February 22, 2002 5:15 PM PST
IBM holds its own in server market
IBM's server revenue decreased from $13.9 billion in 2000 to $13.6 billion in 2001, according to figures from market researcher Gartner released Friday. But because the overall market shrank faster--down 15 percent, from $55.6 billion to $47 billion--IBM actually gained share.
Big Blue cemented its first-place spot in the worldwide market, increasing its share from 25 percent to 29 percent. The increase mirrors similar changes in the North American server market.
IBM has benefited from resurgent sales of its old-guard mainframe line, spurred in part by the new ability to run the Linux operating system. But demand for servers in general dried up, with companies worried about the recession and overcapacity left over from the Internet spending spree.
Worldwide, second-place Sun dropped 2 percent, to 15.4 percent, while third-place Compaq dropped 0.9 percent, to 13.9 percent, and fourth-place HP dropped 0.1 percent, to 12.8 percent. Fifth-place Dell Computer eked out a 0.1 percent gain to 6.4 percent.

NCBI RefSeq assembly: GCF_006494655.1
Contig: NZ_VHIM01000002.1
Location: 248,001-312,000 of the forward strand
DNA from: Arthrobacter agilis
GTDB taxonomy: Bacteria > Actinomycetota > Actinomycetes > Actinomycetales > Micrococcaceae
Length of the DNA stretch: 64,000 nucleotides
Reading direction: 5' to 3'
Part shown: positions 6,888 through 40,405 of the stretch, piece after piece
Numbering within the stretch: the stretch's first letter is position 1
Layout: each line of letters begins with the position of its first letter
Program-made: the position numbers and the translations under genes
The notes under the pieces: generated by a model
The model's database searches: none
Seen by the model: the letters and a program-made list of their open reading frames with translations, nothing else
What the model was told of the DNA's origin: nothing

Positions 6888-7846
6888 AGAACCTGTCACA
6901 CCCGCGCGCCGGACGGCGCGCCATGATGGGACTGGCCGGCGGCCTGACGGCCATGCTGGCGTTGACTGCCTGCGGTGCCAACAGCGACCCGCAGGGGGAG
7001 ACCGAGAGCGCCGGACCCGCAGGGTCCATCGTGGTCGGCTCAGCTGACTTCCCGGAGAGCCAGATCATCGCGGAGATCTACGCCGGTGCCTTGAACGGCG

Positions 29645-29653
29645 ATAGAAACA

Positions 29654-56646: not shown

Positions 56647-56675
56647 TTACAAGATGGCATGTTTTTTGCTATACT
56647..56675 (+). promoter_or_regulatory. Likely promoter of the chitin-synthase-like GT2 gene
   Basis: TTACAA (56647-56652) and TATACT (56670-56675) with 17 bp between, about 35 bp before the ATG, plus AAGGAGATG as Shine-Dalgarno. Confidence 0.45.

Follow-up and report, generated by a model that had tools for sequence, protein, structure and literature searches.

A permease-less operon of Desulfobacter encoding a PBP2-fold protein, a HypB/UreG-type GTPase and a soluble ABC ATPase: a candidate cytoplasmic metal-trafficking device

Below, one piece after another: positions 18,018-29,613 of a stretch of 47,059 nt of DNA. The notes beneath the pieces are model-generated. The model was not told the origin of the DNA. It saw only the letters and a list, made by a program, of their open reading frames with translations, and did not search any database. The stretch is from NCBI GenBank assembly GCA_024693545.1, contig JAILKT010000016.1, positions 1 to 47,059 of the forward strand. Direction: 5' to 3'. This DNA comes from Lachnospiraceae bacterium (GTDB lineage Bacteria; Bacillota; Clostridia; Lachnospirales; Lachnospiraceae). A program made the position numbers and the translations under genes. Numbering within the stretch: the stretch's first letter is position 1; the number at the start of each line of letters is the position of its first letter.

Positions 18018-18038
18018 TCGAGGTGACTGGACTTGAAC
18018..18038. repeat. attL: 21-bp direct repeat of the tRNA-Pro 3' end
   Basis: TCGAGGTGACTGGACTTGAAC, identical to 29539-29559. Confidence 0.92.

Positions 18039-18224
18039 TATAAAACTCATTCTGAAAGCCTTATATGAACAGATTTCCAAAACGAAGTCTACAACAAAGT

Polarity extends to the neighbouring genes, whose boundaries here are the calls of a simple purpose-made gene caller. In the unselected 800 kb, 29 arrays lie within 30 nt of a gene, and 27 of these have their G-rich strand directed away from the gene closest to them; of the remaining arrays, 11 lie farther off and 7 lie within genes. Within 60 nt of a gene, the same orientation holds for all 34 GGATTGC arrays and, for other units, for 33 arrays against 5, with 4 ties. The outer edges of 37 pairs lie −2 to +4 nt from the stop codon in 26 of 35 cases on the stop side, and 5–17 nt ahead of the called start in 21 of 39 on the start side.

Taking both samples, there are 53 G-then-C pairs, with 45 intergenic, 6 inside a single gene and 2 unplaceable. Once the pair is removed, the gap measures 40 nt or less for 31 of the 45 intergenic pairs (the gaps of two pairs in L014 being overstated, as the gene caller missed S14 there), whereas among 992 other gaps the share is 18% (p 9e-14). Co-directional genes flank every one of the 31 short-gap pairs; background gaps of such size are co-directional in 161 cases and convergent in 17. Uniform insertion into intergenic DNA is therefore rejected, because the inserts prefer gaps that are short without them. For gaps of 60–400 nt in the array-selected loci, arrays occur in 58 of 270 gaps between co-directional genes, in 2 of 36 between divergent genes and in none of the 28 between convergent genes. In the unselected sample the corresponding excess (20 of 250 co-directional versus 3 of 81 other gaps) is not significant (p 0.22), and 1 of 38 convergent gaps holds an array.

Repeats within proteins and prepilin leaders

In the key Unix server market--a sweet spot with a good balance of server power and price--IBM also gained, increasing share 2.3 percent, to 20.3 percent, with sales of $4.2 billion.
The Unix server market dropped 18.7 percent, from $25.3 billion in 2001 to $20.6 billion in 2000, Gartner said. The Unix server market is the biggest single segment of the server market, accounting for 44 percent of total sales.
But IBM's gain wasn't enough to topple No. 1 Sun, whose share shrank 3.1 percent, to 35.2 percent, with sales of $7.3 billion. And No. 2 HP, after a concerted effort to stanch losses, rose 1 percent, to 20.5 percent, with sales of $4.6 billion.
Dell gained the most in the Intel server market, increasing 0.5 percent, to 17.6 percent, with $3.1 billion in sales. No. 1 Intel server seller Compaq lost 1.6 percent share, dropping to 26.3 percent with $4.5 billion in sales.
The overall Intel server market dropped 16.2 percent, from $20.5 billion to $17.2 billion, Gartner said.